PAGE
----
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Civil-Comp Proceedings
ISSN 1759-3433
CCP: 96
Edited by: B.H.V. Topping and Y. Tsompanakis
Paper 236

Binary Mixture Filtering using Carbon Nanotubes

D. Mantzalis, N. Asproulis and D. Drikakis

Fluid Mechanics and Computational Science Department, Cranfield University, United Kingdom

Full Bibliographic Reference for this paper
D. Mantzalis, N. Asproulis, D. Drikakis, "Binary Mixture Filtering using Carbon Nanotubes", in B.H.V. Topping, Y. Tsompanakis, (Editors), "Proceedings of the Thirteenth International Conference on Civil, Structural and Environmental Engineering Computing", Civil-Comp Press, Stirlingshire, UK, Paper 236, 2011. doi:10.4203/ccp.96.236
Keywords: nanotechnology, carbon nanotubes, molecular dynamics, carbon dioxide, greenhouse gases, density layers, diffusion, adsorption.

Understanding the flow throughout carbonaceous materials is crucial for a great number of applications varying from bio-engineering to environmental sciences. The limitations, in terms of cost and accuracy, of the experimental methods when applied to nano-scales have motivated both the industrial and scientific community to embrace computational studies for studying phenomena at these scales [1]. Among the computational tools, molecular dynamics (MD) has a vital role in understanding the fluid flow through nanostructures such as carbon nanotubes (CNT) [1]. CNTs are considered one of the most prominent nanomaterials for gaseous and liquid mixtures separation.

The present paper investigates the capture of greenhouse emissions by CNTs through MD simulations. The greenhouse gasses are in reality mixtures and therefore in the paper we study the behaviour of a CO2-Ar mixture passing through single-walled (SWNT) CNTs. The layering phenomena of CO2 and N2 molecules along with their relative adsorption are investigated as the mixture is transported through the nanotubes. The effects of pore size, temperature and pressure to the layering formation of the binary mixtures are also studied. Different carbon nanotubes are examined, spanning from (6,6) to (30,30) either in a self cylindrical (SWNT). Simulations are performed for pressures ranging from 5-20 bar at 300K, respectively keeping both gasses in non-supercritical conditions in bulk [2,3]. The simulations are carried out using the NVE ensemble with the number of particles ranging from 1,000 to 15,000, depending on the values of pressure and temperature along with a Langevin thermostat. The particle positions are updated using the leapfrog Verlet scheme with a timestep of 1fs. The shake algorithm is used to apply bond and angle constraints in the CO2 and Ar molecules. An initial number of 2x105 time-steps are performed for equilibration and an additional 2x108 time-steps, are carried out for analysing the adsorption process, studying the density's profiles, and calculating the gas self diffusion coefficients.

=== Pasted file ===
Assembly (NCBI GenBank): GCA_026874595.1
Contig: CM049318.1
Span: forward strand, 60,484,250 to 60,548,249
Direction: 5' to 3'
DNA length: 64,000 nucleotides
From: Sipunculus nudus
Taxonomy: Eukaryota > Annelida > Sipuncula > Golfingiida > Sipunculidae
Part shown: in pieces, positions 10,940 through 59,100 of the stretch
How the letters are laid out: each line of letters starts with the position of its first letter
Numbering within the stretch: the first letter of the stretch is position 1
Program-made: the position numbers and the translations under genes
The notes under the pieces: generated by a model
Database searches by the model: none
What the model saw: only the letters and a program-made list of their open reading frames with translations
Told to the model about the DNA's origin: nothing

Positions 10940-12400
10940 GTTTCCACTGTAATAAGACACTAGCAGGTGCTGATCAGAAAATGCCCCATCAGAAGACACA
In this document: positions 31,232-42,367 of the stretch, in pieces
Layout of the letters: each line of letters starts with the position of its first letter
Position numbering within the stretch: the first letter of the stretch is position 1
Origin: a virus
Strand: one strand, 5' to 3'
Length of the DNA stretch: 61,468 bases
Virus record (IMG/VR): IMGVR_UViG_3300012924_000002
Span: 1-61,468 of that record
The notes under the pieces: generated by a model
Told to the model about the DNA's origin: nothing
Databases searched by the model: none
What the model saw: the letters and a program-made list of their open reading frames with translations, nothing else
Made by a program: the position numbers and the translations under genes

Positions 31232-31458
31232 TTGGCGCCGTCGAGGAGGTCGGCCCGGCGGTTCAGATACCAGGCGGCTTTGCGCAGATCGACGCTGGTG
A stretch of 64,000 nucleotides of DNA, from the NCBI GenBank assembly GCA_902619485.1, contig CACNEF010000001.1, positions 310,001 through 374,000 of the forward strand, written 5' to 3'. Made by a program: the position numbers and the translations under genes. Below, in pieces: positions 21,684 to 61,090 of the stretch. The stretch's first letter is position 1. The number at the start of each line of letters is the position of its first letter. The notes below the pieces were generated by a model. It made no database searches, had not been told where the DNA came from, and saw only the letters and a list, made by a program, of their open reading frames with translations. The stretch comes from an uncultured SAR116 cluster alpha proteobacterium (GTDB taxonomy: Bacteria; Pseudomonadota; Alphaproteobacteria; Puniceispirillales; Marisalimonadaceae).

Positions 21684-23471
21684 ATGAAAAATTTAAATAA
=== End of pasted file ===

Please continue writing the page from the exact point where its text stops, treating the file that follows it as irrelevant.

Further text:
Numerical simulations show that well defined layers are developed around the internal and external surface of the nanotubes for all the cases examined. The number of layers along with their relative strength varies as a function of the nanotube chirality, size, partial densities and gas-structure interactions.

A. Fujiwara, K. Ishii, H. Suematsu, H. Kataura, Y. Maniwa, S. Suzuki, Y. Achiba, "Gas adsorption in the inside and outside of single-walled carbon nanotubes", Chemical Physics Letters, 336(3-4), 205-211, 2001. doi:10.1016/S0009-2614(01)00111-7
A.I. Skoulidas, D.S. Sholl, J.K. Johnson, "Adsorption and diffusion of carbon dioxide and nitrogen through single-walled carbon nanotube membranes", Journal of Chemical Physics, 124(5), 1-7, 2006. doi:10.1063/1.2151173
P. Atkins, J. de Paula, "Atkins' Physical Chemistry", 7th edition, Oxford University Press, New York, 2002.

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